Accounting makes no such claim.  Effective accountants (and auditors) know that often earning revenues is divorced from demands for payment.  Demanding payment is a contract right – your attorney might require a retainer, your roofer wants a deposit, you want to be paid for the feet of pipe laid; but none of these are revenues. Yet.

Accounting is about reporting the economic substance of a transaction.  Accounting has to look for features which support the premise that the efforts necessary have been expended and accepted by the buyer in order to record revenue.  It doesn’t have to be hard, but it does have to be consistently applied.

Take for example, that piping contractor.  Let’s say he has a contract to

  • Dig a 1,000 foot ditch for $20/foot
  • Lay 1,000 of 24″ concrete pipe at $18/foot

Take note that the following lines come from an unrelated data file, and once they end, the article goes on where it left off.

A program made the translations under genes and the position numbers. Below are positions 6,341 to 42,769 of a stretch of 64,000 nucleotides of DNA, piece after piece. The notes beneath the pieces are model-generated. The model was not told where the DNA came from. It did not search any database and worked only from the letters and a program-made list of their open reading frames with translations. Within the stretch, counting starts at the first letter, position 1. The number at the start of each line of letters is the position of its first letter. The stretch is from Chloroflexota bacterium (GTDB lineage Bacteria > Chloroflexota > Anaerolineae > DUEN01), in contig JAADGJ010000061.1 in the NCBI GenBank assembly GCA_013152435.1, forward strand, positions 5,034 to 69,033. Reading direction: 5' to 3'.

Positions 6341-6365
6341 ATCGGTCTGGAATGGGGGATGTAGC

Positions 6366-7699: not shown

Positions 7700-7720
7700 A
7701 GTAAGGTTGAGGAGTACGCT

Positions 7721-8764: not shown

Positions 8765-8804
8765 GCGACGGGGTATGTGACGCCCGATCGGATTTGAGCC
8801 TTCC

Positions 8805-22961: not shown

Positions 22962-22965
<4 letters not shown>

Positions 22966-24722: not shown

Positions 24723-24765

• Backfill and compact the trench for a lump sum of $8,000

The contract requires that the contractor submit a schedule of values (work completed) in order to be paid.

On the first billing, the contractor submits the schedule for the 1,000 feet of ditch dug for $20,000.  The effective accountant does not immediately do this for the invoice:

  • Accounts Receivable       $20,000
  •     Contract Revenues                         $20,000

That is because the rules for recognizing revenues is not based upon something as arbitrary as a schedule of values.  The smart accountant understands that the true measure of the revenue for a contractor is based upon an analysis of costs expended to actual anticipated costs.  So the accountant creates a little spreadsheet:

Anticipated Period Actual
Contract Revenue Costs Gross Profit Costs % Complete Revenue Billings Over/Under CIE BIE